A quick response to “The Charitable-Industrial Complex”

Peter Buffett’s “The Charitable-Industrial Complex” op-ed is notable because only rarely do wealthy people admit there’s something deeply morally wrong about accumulating wealth and the widespread existence of poverty:

As more lives and communities are destroyed by the system that creates vast amounts of wealth for the few, the more heroic it sounds to “give back.” It’s what I would call “conscience laundering” — feeling better about accumulating more than any one person could possibly need to live on by sprinkling a little around as an act of charity.

But this just keeps the existing structure of inequality in place. The rich sleep better at night, while others get just enough to keep the pot from boiling over. Nearly every time someone feels better by doing good, on the other side of the world (or street), someone else is further locked into a system that will not allow the true flourishing of his or her nature or the opportunity to live a joyful and fulfilled life.

While I’m happy to hear this critique and glad that it’s passed into the mainstream media so that elites are paying attention, I wish there was more of a direction here about where to go next.

What I like about it: Pointing out big problems: the classist misimpression that the wealthy know best about how to improve the lives of the poor, the idea that managerial and capitalist logic can easily be applied to problems that are essentially about public goods, the unwillingness of donors to give up control when they give their money, the notion that unconscionable gathering of wealth can be laundered by “giving back.”

What I worry about, especially among US-based radicals: The idea that simply abandoning or destroying these institutions or the flow of wealth they represent will solve things. This is why I’m resistant to naming this an “industrial complex”—something that must be destroyed.

The reality is that resources are wrongly distributed from the global South to a rich few every day, leaving behind both injustice and unmet needs. We can, and should, attack the injustice head-on, and fight the looting of the world by corporations and their corrupt associates in governments. But, we also need to build an infrastructure that provides public goods, like the eradication of polio, equitable titling of land, ambulances in rural communities, and emergency food assistance. The struggle is not to stop the institutions that distribute resources from northern donors to such ends, but to make them functional and to make them accountable to the people they serve.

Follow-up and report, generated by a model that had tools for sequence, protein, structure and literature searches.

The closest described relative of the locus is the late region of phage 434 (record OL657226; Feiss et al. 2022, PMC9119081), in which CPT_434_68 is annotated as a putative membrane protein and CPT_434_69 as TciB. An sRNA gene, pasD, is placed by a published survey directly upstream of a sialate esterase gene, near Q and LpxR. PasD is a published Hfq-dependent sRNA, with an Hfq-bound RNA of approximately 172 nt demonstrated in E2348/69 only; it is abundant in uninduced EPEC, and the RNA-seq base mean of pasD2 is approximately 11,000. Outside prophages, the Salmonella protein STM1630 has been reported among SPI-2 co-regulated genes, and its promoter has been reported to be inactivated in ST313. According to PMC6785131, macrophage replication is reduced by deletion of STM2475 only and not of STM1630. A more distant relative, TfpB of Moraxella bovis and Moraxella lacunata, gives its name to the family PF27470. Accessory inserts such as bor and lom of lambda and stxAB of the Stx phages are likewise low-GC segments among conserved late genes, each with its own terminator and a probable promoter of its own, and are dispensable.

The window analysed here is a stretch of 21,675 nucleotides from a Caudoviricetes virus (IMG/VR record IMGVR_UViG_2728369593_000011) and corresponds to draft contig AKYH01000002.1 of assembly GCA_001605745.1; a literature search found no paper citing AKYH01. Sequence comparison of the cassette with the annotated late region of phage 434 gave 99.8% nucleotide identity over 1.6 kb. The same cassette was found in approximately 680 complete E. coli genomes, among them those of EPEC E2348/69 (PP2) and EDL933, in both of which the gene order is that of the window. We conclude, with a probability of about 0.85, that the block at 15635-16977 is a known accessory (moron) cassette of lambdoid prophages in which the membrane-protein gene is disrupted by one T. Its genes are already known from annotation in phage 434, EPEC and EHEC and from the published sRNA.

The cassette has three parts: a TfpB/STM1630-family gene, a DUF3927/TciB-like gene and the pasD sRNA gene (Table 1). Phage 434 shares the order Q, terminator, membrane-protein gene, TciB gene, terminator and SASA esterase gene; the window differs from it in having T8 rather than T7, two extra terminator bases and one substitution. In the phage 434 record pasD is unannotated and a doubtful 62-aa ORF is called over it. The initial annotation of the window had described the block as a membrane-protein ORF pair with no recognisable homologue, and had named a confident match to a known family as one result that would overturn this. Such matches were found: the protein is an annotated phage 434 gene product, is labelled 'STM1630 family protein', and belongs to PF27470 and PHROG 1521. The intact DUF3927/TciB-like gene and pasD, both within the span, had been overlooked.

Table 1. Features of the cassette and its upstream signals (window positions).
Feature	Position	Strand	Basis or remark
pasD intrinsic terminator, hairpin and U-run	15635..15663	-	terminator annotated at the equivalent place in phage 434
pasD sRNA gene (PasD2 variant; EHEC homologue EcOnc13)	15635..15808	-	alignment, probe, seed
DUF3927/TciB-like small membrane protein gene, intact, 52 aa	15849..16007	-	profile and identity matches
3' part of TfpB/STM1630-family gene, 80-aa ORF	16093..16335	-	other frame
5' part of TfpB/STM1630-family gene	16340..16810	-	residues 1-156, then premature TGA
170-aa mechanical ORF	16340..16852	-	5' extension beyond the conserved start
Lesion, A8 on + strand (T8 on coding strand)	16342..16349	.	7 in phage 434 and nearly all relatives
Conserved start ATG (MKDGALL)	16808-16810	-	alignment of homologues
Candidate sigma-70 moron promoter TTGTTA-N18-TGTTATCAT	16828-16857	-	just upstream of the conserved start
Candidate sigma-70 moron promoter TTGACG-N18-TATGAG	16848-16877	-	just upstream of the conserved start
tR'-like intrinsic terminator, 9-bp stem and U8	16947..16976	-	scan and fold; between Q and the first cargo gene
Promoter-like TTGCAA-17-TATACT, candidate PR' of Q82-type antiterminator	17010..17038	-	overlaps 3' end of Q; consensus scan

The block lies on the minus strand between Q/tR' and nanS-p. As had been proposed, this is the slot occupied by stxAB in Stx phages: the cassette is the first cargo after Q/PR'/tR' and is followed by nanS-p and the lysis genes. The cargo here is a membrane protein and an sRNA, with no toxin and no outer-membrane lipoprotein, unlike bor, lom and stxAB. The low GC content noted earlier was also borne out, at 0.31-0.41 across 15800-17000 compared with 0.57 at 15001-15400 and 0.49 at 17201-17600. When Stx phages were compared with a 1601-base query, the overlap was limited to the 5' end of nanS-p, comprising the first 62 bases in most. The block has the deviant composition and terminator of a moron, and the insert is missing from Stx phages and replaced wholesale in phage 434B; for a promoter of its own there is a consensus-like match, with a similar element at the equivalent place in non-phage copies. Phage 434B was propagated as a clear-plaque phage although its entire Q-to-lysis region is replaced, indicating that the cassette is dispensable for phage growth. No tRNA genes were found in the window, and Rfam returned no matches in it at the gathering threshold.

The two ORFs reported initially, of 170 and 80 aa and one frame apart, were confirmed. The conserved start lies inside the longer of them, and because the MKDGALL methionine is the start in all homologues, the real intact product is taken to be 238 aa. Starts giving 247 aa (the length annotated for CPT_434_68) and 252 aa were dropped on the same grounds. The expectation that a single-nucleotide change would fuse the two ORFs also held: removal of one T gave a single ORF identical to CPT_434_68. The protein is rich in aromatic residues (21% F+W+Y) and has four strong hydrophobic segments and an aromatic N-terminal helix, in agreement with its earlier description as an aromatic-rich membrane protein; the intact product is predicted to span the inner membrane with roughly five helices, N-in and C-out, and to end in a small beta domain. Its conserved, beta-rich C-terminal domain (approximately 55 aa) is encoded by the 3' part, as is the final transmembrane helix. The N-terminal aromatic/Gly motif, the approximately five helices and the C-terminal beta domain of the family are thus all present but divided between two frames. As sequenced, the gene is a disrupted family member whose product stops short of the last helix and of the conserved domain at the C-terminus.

Frankly, both liberals and radicals in the US are bad at putting their money where their heart is in challenging third world poverty. When I visited the Zapatistas, I saw desperately needed ambulances funded by Italian squatters. In Bolivia, left parties from Scandinavia run their own alternatives to the official aid system, while US Americans just complain about USAID without building alternatives. Indigenous and small farmer titles under agrarian reform there happened through official development assistance funds paired with a radical government.

Bottom line: change can cost money, and we need to think seriously about how to insist that it flows where its most needed.

2 thoughts on “A quick response to “The Charitable-Industrial Complex”

  1. But the specific institution of philanthropy IS literally stealing from the public infrastructure, no? A critique that these charitable institutions are tax sheltering what is actually public money in the first place is apt here. Part of the reason there is not money for infrastructure is because public money that might otherwise be (arguably) democratically shaped is in fact consolidated into interest-accruing foundations where wealthy people get to decide which lives matter. You don’t need to desire the fall of capitalism worldwide for it to make sense that foundations with trillions of dollars need to give that money up to the public, right?

    I agree with you wholeheartedly though about thinking about challenging poverty over challenging capitalism. And while it’s promising to hear a critique from Peter Buffet, the problems of the “CIC” as he identifies it (twice) are located in preservation of chastity in third world girls. His analysis is about rich people piety after all, LOL.

    Great blog, Dr. Bjork-James!


    • Catbakaus is right that charitable donations are encouraged by tax exemptions. Effectively this means that about 35% of the cash donated would have been tax revenue, and the remainder would have been additional wealth of the donors. As such, this is a less effective way of parting the wealthy and their money than just plain taxing them. On the other hand, if there’s some public good for which a rich donor exists, the effect of pushing it off on the CIC is to give that thing a funding boost. That is, if the government decides to leave malaria to the Gates Foundation instead of the CDC, they give up $350 million in taxes but see $1 billion in health spending in exchange.

      The real racket for nonprofits is wealthy-to-wealthy transfers of resources, like subsidizing the education, opera houses, and self-indulgence of fellow elites with a tax break. A wonky solution (in the absence of challenging capitalist concentration of wealth in the first place) would be to tax charitable donations at [a large fraction of] the marginal tax rate of their beneficiaries, so that malaria cures would get the full write off but museums with $45 admissions would not.


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